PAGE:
The Drug War Graph Is Embarrassing. So Is Believing Obama's Promises of Reform.

The Washington PostThe Washington PostWashington Post blogger Harold Pollack presents what he calls "the most embarrassing graph in American policy," showing that the mass incaraceration of drug offenders since the early 1980s has been accompanied by declines in the retail prices of cocaine and heroin. That's embarrassing because drug law enforcement aims to reduce consumption of illegal drugs by increasing the risk and cost of supplying them, an effort that if successful should be reflected in rising retail prices. Instead we have seen just the opposite during the last few decades as the number of drug offenders behind bars has increased dramatically, peaking at 562,000 in 2007.

The ineffectiveness of supply-control measures is rooted in the economics of the black market. Illegal drugs acquire most of their value after arriving in the United States. Attempts to destroy drug crops or intercept shipments on their way to the U.S. therefore do not cost traffickers much and do not have much of an impact on retail prices. Nor does busting drug dealers in the U.S. and seizing the relatively small quantities they are apt to be holding. Both the dealers and the drugs are easily replaced. And to the extent that police succeed over the short term in raising prices by raising the risks involved in selling drugs, they also raise the returns from the business, attracting new participants and boosting the supply. A study cited by Pollack suggests how these dynamics conspire to frustrate drug warriors: 

Examining a period when cocaine prices were actually plummeting, these authors estimated that a 15-fold increase in the number of incarcerated drug offenders raised street cocaine prices in the range of 5 percent to 15 percent, compared with what otherwise would have been the case. That's not much.

Joining an assortment of drug-war critics who accept at face value the current president's avowed commitment to changing course, Pollack claims "drug policy has improved during the Obama years." You know his case is weak when you see that his first reason for believing this is that "the president and his key drug policy advisers have largely abandoned the harsh war-on-drugs rhetoric of previous administrations." Obama may be allowing thousands of federal drug offenders whose sentences he admits are unjust to languish in prison, but at least he does not call the crackdown that put them there a "war." His actual policy regarding medical marijuana may be more aggressively intolerant than his predecessor's, despite promises to the contrary, but at least his rhetoric is milder. He may defend marijuana's rationally indefensible Schedule I status, but at least he claims to be doing so in the name of science.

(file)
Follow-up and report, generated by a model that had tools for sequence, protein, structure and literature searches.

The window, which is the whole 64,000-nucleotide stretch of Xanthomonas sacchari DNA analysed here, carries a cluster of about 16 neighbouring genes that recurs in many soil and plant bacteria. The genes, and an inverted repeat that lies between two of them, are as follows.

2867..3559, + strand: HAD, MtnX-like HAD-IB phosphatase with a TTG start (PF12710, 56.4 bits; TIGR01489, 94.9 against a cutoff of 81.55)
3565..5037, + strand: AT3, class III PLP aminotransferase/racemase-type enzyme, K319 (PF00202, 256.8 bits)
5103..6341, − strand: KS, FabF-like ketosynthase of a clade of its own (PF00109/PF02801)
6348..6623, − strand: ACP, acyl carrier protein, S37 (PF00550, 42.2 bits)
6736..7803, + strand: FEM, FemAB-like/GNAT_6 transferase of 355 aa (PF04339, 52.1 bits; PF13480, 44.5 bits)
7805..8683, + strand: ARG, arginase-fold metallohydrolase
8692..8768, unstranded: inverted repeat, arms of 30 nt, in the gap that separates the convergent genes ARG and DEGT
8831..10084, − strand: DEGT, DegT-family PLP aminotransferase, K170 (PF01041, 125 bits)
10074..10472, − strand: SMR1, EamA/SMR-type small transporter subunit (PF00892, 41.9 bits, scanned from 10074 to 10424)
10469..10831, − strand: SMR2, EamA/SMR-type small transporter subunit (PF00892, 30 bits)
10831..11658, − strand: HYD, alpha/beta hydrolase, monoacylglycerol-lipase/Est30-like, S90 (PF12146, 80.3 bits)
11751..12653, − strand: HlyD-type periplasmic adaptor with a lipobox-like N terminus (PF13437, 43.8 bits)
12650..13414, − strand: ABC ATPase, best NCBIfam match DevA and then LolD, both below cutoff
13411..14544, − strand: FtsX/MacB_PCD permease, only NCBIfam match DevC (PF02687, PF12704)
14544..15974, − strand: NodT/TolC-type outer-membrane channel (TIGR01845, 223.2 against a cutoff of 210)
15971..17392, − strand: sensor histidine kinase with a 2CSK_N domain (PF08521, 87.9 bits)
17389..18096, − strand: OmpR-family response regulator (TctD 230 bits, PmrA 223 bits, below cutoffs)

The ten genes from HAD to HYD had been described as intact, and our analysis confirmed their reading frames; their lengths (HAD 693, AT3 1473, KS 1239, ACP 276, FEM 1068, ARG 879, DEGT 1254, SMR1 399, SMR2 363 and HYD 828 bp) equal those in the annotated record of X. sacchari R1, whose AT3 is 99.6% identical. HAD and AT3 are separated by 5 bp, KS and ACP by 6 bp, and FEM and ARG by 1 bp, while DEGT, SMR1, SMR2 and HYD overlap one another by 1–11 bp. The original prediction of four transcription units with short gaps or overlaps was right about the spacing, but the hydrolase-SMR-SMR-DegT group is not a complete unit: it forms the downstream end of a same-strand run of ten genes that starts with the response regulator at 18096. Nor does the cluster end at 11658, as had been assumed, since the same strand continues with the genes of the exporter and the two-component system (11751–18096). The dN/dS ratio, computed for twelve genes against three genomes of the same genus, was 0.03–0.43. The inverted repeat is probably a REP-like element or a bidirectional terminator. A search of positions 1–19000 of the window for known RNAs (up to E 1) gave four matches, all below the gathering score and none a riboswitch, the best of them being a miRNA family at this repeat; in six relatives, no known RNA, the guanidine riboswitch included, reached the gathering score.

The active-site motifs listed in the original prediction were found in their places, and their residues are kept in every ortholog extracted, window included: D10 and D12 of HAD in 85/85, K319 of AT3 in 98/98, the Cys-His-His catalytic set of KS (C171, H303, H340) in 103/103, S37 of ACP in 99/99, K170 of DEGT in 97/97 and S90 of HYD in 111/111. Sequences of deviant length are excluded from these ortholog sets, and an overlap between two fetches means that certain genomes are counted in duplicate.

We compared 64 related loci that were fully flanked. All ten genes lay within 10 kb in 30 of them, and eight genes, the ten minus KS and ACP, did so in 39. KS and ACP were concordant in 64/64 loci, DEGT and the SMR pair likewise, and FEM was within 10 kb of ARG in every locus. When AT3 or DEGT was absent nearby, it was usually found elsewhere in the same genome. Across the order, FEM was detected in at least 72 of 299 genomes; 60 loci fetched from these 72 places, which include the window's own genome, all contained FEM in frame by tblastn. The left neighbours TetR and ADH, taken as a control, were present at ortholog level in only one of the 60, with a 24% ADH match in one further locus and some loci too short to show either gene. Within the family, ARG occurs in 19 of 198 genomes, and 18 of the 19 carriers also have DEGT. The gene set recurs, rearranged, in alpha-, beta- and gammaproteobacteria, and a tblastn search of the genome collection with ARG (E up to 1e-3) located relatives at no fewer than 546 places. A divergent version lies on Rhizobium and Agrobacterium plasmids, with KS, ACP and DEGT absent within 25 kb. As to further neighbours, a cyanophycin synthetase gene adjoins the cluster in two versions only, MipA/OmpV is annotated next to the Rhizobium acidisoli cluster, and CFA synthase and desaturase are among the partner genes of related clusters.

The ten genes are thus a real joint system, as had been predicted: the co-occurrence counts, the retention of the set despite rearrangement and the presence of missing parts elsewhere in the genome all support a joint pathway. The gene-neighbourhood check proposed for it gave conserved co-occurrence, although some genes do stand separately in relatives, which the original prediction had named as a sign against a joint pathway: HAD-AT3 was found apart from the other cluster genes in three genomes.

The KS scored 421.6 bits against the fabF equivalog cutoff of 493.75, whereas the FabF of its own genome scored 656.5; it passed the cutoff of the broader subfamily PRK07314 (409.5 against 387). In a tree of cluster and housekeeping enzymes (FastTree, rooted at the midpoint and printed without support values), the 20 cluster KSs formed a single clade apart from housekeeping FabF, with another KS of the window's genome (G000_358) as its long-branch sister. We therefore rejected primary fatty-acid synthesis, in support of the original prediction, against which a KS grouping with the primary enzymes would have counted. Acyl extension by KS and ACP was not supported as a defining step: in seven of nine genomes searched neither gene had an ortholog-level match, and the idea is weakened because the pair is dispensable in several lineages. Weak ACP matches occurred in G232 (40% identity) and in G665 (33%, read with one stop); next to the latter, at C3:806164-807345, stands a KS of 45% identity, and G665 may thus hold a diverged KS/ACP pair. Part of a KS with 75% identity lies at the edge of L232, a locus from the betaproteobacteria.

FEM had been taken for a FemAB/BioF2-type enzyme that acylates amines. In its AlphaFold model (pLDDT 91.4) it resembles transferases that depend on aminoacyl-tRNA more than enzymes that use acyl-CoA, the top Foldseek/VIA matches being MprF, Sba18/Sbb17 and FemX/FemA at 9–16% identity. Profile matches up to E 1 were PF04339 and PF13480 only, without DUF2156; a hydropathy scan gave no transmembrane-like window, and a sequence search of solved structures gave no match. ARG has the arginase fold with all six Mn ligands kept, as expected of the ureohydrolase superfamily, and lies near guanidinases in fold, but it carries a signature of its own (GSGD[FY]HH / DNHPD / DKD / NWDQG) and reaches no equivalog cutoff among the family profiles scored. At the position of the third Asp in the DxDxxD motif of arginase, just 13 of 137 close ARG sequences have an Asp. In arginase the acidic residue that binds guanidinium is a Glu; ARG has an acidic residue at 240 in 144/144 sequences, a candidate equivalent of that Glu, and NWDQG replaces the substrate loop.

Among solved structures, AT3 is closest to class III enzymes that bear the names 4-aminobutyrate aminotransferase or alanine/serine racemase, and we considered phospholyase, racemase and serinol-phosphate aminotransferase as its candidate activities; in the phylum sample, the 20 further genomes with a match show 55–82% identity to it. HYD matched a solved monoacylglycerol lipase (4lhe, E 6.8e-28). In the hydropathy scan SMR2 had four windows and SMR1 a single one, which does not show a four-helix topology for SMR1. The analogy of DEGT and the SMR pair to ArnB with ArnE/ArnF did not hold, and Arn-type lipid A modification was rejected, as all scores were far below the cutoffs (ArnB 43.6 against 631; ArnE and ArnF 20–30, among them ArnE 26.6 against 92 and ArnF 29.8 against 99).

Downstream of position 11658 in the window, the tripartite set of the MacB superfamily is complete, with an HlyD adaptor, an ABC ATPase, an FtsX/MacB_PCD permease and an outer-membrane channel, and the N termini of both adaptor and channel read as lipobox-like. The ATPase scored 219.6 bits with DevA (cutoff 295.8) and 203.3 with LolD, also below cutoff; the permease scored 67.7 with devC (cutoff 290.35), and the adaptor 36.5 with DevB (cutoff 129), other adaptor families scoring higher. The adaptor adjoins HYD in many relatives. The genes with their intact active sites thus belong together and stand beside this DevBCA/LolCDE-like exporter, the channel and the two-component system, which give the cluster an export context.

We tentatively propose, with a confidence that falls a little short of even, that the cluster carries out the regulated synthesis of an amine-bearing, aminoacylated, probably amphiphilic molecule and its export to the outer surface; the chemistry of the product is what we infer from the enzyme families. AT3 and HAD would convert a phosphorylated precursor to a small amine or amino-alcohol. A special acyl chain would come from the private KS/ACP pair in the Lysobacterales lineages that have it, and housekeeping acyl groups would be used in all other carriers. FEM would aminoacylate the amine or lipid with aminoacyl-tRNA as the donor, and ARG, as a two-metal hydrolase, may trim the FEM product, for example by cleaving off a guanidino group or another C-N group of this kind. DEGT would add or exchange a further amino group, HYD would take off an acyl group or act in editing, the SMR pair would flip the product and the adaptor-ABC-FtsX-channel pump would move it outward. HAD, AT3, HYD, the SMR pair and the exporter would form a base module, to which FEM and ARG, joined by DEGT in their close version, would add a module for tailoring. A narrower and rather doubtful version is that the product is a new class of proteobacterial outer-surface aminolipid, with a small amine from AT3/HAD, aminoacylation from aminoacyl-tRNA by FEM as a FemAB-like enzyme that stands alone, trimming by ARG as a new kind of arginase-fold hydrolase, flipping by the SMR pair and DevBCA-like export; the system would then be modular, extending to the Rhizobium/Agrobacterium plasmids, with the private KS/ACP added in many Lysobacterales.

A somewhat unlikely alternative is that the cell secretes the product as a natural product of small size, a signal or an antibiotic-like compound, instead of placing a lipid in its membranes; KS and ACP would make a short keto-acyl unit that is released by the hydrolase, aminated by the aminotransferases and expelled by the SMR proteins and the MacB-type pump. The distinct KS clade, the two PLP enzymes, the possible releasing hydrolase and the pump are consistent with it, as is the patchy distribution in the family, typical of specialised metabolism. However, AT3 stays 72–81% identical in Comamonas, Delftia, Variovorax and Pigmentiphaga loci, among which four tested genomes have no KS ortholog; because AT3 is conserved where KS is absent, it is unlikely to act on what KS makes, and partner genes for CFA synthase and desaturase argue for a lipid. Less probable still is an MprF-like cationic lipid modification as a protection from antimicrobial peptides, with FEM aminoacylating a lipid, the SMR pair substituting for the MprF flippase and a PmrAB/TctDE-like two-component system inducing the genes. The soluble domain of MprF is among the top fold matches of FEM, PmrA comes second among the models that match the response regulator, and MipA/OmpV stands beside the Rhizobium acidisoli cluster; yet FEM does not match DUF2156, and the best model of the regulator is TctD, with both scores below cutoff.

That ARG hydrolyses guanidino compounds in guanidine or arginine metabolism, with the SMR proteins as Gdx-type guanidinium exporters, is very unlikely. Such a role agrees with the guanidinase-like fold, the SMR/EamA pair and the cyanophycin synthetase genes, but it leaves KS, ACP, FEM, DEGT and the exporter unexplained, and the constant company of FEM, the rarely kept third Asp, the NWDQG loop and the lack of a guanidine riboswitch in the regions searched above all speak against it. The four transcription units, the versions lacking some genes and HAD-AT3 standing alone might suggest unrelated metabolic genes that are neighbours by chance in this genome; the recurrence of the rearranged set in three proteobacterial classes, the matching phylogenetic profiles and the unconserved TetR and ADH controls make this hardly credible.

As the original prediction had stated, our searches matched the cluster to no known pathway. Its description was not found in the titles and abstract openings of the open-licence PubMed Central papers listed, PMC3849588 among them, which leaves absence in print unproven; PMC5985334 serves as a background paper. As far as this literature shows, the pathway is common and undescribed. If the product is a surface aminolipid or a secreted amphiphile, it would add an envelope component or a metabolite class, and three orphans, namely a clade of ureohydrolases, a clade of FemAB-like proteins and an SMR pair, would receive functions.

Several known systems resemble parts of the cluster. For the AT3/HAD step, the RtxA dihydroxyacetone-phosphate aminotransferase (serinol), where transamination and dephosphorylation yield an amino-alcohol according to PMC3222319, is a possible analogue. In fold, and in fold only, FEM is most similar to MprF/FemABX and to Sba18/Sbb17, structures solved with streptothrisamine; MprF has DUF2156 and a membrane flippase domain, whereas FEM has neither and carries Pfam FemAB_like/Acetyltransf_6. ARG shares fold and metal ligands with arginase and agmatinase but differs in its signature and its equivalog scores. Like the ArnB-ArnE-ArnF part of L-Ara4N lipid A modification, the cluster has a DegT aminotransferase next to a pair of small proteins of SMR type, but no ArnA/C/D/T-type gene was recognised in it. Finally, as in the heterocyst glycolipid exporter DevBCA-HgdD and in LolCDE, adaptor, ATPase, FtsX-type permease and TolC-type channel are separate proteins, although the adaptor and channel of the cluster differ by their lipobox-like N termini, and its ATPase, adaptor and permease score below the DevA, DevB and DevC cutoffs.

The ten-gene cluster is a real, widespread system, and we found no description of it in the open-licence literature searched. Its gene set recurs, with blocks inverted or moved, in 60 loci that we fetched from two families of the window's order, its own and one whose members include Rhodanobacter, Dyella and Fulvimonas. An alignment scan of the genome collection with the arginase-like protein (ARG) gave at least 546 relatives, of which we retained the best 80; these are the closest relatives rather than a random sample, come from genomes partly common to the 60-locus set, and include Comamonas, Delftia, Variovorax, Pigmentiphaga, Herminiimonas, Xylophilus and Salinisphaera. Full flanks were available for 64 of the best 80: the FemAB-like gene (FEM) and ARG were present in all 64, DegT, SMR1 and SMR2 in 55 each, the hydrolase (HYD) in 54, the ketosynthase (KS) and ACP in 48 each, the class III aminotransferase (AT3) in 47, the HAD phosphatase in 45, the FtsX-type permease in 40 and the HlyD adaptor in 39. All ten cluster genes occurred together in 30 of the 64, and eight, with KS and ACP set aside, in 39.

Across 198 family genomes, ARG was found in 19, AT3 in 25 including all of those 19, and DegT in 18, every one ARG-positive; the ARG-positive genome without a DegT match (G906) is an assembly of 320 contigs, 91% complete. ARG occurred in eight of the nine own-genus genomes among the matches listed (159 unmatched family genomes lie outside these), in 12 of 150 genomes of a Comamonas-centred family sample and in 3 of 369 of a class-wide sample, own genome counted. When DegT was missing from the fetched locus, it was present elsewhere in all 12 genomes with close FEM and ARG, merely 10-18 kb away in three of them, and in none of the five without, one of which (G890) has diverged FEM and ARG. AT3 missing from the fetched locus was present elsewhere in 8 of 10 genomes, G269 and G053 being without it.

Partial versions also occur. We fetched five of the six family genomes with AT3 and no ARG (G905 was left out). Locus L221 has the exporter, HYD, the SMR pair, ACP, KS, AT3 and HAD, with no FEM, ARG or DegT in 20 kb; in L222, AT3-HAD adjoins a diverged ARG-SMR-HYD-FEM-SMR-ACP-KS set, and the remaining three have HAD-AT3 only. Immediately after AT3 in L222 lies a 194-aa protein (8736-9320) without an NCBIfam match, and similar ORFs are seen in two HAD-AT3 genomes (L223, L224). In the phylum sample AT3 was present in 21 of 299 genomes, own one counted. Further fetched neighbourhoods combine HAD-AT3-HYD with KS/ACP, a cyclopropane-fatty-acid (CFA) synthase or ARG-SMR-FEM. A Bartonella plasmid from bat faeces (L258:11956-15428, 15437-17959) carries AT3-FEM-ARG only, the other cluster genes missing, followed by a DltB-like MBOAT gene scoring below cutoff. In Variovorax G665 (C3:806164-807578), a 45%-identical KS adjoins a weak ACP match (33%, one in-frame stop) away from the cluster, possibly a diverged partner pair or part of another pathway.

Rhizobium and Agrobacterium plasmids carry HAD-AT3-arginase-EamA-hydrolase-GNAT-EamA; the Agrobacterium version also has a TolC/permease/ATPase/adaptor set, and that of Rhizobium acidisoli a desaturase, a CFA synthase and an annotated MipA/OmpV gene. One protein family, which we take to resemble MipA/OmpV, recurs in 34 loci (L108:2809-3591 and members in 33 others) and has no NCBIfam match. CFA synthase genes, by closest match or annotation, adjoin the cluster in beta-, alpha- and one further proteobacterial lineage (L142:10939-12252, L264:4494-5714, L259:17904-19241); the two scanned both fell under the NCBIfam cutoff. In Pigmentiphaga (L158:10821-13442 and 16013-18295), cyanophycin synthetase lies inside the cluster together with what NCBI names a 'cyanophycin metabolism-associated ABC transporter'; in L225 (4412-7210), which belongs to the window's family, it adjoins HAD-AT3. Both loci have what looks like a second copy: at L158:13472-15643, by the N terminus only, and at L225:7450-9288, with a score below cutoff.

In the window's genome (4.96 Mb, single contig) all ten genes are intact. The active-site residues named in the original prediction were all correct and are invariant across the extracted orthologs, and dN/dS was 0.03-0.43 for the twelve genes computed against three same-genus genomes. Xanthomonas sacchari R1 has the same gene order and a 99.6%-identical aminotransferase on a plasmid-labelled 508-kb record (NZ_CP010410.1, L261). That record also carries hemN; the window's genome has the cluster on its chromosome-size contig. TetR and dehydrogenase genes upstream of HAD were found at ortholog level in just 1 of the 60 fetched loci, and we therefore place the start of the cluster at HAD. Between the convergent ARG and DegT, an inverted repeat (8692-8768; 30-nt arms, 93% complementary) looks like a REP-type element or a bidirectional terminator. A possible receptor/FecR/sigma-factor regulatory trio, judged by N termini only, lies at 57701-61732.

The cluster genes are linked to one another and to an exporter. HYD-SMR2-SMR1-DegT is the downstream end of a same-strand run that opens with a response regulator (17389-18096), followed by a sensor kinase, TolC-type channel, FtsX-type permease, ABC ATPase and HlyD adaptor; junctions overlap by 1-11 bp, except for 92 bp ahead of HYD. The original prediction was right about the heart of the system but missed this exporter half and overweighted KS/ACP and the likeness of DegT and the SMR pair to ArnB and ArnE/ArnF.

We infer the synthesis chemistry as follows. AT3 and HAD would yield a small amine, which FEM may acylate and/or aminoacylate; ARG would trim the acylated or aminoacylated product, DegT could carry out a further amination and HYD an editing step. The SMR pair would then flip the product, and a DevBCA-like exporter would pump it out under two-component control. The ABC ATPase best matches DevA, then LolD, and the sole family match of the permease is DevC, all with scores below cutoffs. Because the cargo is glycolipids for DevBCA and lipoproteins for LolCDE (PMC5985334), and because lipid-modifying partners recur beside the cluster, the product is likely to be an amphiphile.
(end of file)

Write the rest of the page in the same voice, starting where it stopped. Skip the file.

Pollack also notes that "the number of incarcerated drug offenders has declined for the first time in decades." But according to the figures displayed in the graph, the number of drug offenders behind bars (in prisons and jails) peaked in 2007, two years before Obama took office. Furthermore, state prisons account for most incarcerated drug offenders. The number of drug offenders in federal prison increased from 95,205 in 2009 to 97,472 in 2010 before falling to 94,600 in 2011, the most recent year for which data are available. Yay?

Finally, Pollack praises Obama for expanding access to drug treatment through the Patient Protection and Affordable Care Act. Thus does Obama gain credibility as a drug policy reformer by taking a page from Richard Nixon's playbook.

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  • Sevo||

    "Obama gain credibility as a drug policy reformer by taking a page from Richard Nixon's playbook."
    Why, shithead was just making the same claim as regards the IRS in an earlier thread! Yep, RMNII now in office,

  • Aresen||

    I do not know what a counterfactual history of a putative McCain administration record would look like in the WoD, but Obama has done far less than he could.

  • ||

    Plus he give such good speeches!

  • Dan Givens||

    You hear this a lot on these threads but it can't be stressed enough, if you have had enough of this pointless "war on (some) drugs", then think JURY NULLIFICATION! If you are ever on a jury that deals with a drug charge, nullify....if you know a family member is going to be on a jury, give them the nullification speech....if you know of a friend or a friend of a friend that is going to be on a jury, be sure that they know about JURY NULLIFICATION!

  • Sevo||

    Pretty sure you're not going to get on a drug-case jury if you even hint that you're familiar with nullification.

  • Rich||

    "Oh, 'NULLification'! I thought you had asked if I were familiar with 'MUMMification'. May we proceed?